Ancient Indian Coiled Pottery Pot
from The Mid-Western United States
Photo courtesy of Barnhill Indian Trader
The beginnings of human history are cloaked in mystery, but as speculation goes, Ceramics emerged around 8000 BC during the Neolithic Revolution when man first started using tools and developing agricultural skills. This produced a need for vessels to carry and cook the produce.
There is one exception that calls for mentioning, Dolni Vestonice in the Czech Republic, where models of animals and a Venus figurine have been dated to about 25,000 years ago
The first vessels were baskets. The ubiquity of early coiled ceramic forms, from the Middle East to China to the America’s, suggests that pottery was first discovered when baskets were coated with clay so that they could hold small seeds and grain. Then one day the basket fell into the fire and it was discovered that heating hardens the clay making it more suitable as an airtight vessel. This event occurred synchronistically in different parts of the globe
Around 5000 BC it was discovered that by burnishing the half dry clay with a stone or a bone a smooth and more airtight surface could be created.
Ash firing was discovered when a pot was placed upside down on hot coals, reducing the surface of the rim to a glossy black. The upside down vase was also the first kiln. Then came the hole in the ground above which a bonfire was lit. Later the hole in the ground became a cave in a hill. The Chinese and Japanese expanded this into a complex system of successive chambers climbing over the slope of the hill
The kilns designed by the ancients are still in use today but have undergone modifications due to changes in fuel, materials, and the need for larger scale production. The greatest revolution in the technology of the kiln came with the discovery of electricity. The electric kiln simplified the process of firing as well as making it safer. This increased the popularity of the art of making the ceramics.
At first all pottery was made by women as part of the household chores, but as civilization developed, the “market” made its appearance and pottery became the work of the skilled craftsman. Around 3000 B.C, a simple revolving wheel existed in Mesopotamia, the area between the Tigris and the Euphrates Rivers The potter’s wheel economized the production of ceramics. By 4000 BC pottery making was predominantly masculine and the use of the potter’s wheel was commonplace.
The origins of mold making are traced back to Hellenistic Greece and the Roman Empire. This was a clay bowl with a design pressed into the inside. It was fired and then clay was hand pressed into the inside. A potter’s wheel was used to spin the surface until it was smooth. As it dried the clay reduced in size so that the “green” clay form was easily removed from the fired clay form.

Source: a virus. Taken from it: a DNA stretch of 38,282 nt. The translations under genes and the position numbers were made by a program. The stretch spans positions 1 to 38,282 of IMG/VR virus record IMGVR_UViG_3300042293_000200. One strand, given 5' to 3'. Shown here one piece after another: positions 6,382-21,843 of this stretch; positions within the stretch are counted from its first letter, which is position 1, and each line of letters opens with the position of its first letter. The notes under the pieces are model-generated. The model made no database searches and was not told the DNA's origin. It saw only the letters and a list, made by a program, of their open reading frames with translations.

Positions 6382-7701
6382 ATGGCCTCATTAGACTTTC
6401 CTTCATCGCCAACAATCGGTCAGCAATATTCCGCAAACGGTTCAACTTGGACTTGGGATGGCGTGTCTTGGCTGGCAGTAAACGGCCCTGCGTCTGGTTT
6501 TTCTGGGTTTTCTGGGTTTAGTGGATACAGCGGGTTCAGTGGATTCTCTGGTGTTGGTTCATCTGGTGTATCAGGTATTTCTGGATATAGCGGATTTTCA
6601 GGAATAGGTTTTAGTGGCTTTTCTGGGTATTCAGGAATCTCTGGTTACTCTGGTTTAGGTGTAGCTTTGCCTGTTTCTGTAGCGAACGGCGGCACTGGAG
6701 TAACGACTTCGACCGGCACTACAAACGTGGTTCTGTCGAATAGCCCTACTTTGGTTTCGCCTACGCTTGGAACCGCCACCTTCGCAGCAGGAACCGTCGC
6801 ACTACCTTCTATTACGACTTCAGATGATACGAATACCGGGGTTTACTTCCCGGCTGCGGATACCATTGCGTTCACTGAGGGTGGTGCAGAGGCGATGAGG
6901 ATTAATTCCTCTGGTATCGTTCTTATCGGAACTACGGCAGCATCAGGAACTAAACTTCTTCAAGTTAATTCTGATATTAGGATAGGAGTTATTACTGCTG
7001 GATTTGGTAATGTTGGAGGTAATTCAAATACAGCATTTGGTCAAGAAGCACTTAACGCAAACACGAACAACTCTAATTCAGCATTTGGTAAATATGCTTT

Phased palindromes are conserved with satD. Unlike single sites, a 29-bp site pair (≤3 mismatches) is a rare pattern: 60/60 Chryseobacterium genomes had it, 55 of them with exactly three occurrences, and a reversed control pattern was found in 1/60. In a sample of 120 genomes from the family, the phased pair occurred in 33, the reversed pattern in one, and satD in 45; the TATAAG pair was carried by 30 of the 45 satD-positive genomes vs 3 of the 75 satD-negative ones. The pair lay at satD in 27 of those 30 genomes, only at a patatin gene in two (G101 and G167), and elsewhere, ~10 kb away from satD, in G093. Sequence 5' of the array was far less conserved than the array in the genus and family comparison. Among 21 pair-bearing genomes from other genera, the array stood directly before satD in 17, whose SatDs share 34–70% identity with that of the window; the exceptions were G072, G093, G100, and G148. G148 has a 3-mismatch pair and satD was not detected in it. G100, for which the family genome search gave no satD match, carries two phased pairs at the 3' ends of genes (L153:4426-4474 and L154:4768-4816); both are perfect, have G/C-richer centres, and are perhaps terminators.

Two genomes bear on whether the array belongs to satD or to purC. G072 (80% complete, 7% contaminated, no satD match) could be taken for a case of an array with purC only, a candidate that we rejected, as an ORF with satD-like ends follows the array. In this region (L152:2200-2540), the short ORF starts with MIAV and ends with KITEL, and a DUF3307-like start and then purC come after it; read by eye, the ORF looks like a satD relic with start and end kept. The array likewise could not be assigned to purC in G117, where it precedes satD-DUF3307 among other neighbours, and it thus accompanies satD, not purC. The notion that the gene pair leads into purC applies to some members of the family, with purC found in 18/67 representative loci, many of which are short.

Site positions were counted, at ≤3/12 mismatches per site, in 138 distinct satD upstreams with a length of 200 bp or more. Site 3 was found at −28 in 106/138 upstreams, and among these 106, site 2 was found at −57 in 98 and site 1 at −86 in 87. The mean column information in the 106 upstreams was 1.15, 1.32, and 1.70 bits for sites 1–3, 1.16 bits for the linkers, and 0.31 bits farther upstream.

Plaster, needed for molds used in ceramic slip casting dates 9000 years. The Romans cast in plaster to make copies of Greek sculptures and so it is much to my surprise to learn that the development of slip casting is credited to Ralph Daniel of Coolidge, Great Briton at the late date of 1743. I’ll be looking into this and reporting what I learn in future posts.
During the process of researching this series I have been using both the Internet and my father’s old ceramics books, some of them dating to the days in the 1940’s when Dad studied ceramic slip casting in the Industrial Design department at Pratt Institute . His instructor was none other than the illustrious Eva Zeisel. Eva was quite taken aback when dad told her that he was actually going to move to Maine and start a hands-on ceramic slip casting studio of his own. This is what brings the organic quality to my parent’s designs, distinguishing their work from their more famous mid-century contemporaries who primarily designed for large production companies.
I love the process of a small slip-casting studio and I have also been enjoying researching and writing about the History of Ceramics. I look forward to continuing this discussion of The History of Ceramics and will continue it on this blog, Talking About Ceramics.
I hope you enjoyed reading this at least half as much as I am enjoying writing it.
The next email in this introductory series will be The Science of Ceramics. I can’t wait to dig into more of my father’s old books.
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One of my favorite references for this article has been Ceramics- A Potters Handbook by Glenn C Nelson, 1971
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